SOUTH PORTLAND — Hundreds of people stopped by The Griffin Club on Wednesday to say goodbye to a favorite watering hole that has sustained friendships and memories and sports legends for more than four decades.

Much like the Irish wake that its founder, Eddie Griffin, hosted for himself before he died of cancer in 1993, longtime patrons and newer customers sipped beers and swapped stories about the neighborhood landmark before it closed for good at 1 a.m. Thursday.

Matt Whitten, 59, figures he probably bought his first beer at The Griff. He’s made a point of stopping by every St. Patrick’s Day for the last 30 years because there was no better place to celebrate the luck of the Irish in Greater Portland.

“The place would get so packed on St. Patrick’s Day, they’d open up the basement for the overflow,” said Whitten, a lobsterman. “You’d go down there and look up and you could see the floor beams overhead were sagging from the weight of all the people upstairs.”

Built around 1900, the gabled, two-story, wood-frame building at 60 Ocean St. has been sold and the new owners have evicted the bar from the first floor and the tenant from the upstairs apartment, bar owner Scott Parker said.

Parker, 49, said he must move out by Friday and the new owners are expected to close on the purchase of the building Monday. Parker declined to say who the new owners are and said he has no idea what they plan to do with the building, which sits on 0.22 acres at Ocean and C streets in the increasingly popular Knightville neighborhood.

Parker said he’s pretty much given up on finding a suitable location to reopen in Knightville. He doesn’t want to deal with strict lease conditions and growing concerns about redevelopment in the prime waterfront area.

Eddie Griffin stands behind the bar at the Griffin Club with bartender Ken Marston in March 1987. The bar, which opened in 1973, served its last drinks Wednesday night. Staff photo by David MacDonald

But Parker still hopes to reopen soon elsewhere in South Portland and rehire six regular bartenders. He plans to call it Griffin’s Dugout, combining the name of the bar that Griffin operated on the other side of Ocean Street for several years before opening The Griffin Club in 1973. And he’s counting on his regular customers to follow him.

“Some people might not be able to stop in every day, but most people have said they’re willing to follow me,” said Parker, a former Marine who worked at the bar for about 20 years before buying the business from Griffin’s widow, Marjorie, in 2008. She transferred ownership of the building to her son and daughter-in-law, Byron and Audrey Castro of Cape Elizabeth, before she died in 2011 at age 78.

The Castros declined to comment Wednesday on the ownership status or plans for the property. City Planning Director Tex Haeuser said last week that the Castros contacted him about six months ago to discuss its development potential.

Haeuser said they were interested in replacing the existing house with a modern, mixed-use commercial and residential building. They didn’t offer specifics about the building, Haeuser said, but he informed them that they would need a zoning change to build more than five units allowed on the site under current regulations.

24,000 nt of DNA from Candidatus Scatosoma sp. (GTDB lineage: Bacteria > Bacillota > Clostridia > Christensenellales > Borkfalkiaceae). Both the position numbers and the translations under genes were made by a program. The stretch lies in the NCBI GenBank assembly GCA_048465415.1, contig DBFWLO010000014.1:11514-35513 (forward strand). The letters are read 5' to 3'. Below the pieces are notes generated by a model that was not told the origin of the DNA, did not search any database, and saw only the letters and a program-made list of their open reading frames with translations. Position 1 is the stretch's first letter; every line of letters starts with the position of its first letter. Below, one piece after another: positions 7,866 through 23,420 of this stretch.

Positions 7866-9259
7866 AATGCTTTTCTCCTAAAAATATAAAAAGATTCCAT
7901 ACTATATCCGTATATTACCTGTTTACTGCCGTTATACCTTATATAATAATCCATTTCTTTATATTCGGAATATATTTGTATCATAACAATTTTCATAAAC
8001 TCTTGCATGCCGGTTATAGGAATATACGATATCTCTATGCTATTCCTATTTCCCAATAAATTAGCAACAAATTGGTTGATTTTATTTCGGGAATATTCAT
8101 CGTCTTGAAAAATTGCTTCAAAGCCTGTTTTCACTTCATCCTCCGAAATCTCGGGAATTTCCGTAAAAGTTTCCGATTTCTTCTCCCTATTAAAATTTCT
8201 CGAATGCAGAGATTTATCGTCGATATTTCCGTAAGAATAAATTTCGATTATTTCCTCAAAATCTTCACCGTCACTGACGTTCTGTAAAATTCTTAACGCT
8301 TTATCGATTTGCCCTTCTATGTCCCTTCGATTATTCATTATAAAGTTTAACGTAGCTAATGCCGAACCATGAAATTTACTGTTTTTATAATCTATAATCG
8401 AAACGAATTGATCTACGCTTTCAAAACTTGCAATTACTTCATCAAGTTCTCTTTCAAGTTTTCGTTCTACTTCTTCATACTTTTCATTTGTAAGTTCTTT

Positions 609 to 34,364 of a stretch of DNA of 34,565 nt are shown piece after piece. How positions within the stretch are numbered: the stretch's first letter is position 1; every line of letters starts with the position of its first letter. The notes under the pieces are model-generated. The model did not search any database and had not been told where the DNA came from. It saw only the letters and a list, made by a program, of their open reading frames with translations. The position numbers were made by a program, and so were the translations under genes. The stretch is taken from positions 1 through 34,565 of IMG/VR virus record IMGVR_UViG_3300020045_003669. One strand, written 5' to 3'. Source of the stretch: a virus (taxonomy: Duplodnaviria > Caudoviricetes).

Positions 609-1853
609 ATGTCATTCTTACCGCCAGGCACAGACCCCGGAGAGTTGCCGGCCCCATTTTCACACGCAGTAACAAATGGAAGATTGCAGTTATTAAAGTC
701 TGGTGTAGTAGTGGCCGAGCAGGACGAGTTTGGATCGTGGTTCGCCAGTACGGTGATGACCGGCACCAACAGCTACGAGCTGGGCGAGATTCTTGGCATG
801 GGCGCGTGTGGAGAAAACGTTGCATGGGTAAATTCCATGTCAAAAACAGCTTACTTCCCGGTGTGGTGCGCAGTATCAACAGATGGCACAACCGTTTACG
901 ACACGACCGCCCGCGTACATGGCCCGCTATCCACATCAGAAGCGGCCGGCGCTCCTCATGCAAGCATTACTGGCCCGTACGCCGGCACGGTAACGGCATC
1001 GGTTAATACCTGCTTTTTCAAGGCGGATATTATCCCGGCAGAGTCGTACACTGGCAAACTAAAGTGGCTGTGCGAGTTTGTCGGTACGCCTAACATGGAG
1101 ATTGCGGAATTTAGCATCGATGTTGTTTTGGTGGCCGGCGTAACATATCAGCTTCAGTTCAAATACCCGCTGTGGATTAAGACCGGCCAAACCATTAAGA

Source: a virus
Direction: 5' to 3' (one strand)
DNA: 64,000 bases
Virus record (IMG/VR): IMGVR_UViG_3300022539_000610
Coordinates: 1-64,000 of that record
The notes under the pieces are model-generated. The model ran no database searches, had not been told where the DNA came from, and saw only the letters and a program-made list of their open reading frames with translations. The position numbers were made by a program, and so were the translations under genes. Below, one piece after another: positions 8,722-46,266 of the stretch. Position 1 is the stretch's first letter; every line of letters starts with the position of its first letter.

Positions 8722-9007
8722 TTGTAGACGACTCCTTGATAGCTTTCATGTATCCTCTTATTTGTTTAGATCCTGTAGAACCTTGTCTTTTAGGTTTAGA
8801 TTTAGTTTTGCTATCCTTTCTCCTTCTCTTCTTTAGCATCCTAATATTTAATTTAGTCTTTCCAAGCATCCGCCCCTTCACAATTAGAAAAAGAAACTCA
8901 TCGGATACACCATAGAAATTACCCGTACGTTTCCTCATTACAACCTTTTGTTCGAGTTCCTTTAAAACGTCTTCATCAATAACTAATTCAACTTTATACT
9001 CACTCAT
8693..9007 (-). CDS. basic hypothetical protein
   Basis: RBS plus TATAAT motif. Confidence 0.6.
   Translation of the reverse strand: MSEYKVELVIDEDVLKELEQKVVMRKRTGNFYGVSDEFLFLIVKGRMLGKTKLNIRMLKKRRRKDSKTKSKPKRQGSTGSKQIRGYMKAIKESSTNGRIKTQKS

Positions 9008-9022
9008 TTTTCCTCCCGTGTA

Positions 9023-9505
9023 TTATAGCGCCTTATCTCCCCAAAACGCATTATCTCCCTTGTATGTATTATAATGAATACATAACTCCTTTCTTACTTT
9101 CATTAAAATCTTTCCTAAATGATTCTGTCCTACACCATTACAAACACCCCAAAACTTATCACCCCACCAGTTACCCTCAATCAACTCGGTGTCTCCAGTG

Before the sale of the building goes through, Parker must pack up hundreds of framed sports photos and other mementos that cover the walls of the bar, where Griffin operated a boxing club in the basement and promoted many other sports from the early 1970s through the early 1990s.

Alongside plaques celebrating Griffin’s Irish heritage are photos of boxing greats Marvelous Marvin Hagler and Sugar Ray Leonard. Red Sox Hall of Famer Ted Williams and Don Nelson of the Boston Celtics. Maine favorites like boxer Joey Gamache of Lewiston and former major leaguer Billy Swift of South Portland.

“I’m picking up a rental truck at 8:30 tomorrow morning, loading up everything here and moving it all to storage,” Parker said. “I’ll have some help, but I might be here until midnight boxing stuff up. As soon as we find another place, we’ll pull it all out again.”

Many of the patrons sipping drinks and reminiscing at The Griff on Wednesday evening said they hope Parker pulls it off, but they were there to witness the end of an era.

“We all came to say goodbye to the place,” said Gale Murphy, 73, of South Portland. Her husband, George, had stopped by earlier in the day after playing golf. The couple were regulars back in the early 1970s.

“There are so many people who came through those doors over the years and they’re long gone,” said Murphy, talking loudly to be heard in the crowded bar. “It’s like the show Cheers. Everybody knows your name. That’s true here. People know each other and look out for each other.”

Joe Ahern, 59, became a customer when he was 18 and worked at Smaha’s Legion Square Market across the street. “My dad and his friends used to come here, so I did too,” said Ahern, a car sales lot manager. “Eddie (Griffin) was just a great guy. He was so generous. He gave so much to the community. He sponsored so many sports teams. He hated to see a kid go without.”

Like many on Wednesday evening at The Green Door – another nickname for The Griff – Ahern said he’ll miss the bar because it was such a welcoming place, where people were accepted regardless of race, religion or what they played on the jukebox.

“We’ll see what God has in store,” Ahern said. “If Scott reopens, people will gather. You need a hug? We got a hug for you. But it won’t be exactly the same. The Griffin Club is gone. The name will be different, but it will be a part of this.”

CORRECTION: This story was updated at 5:38 a.m. on June 1, 2017 to correct George Murphy’s name.

Kelley Bouchard can be contacted at:

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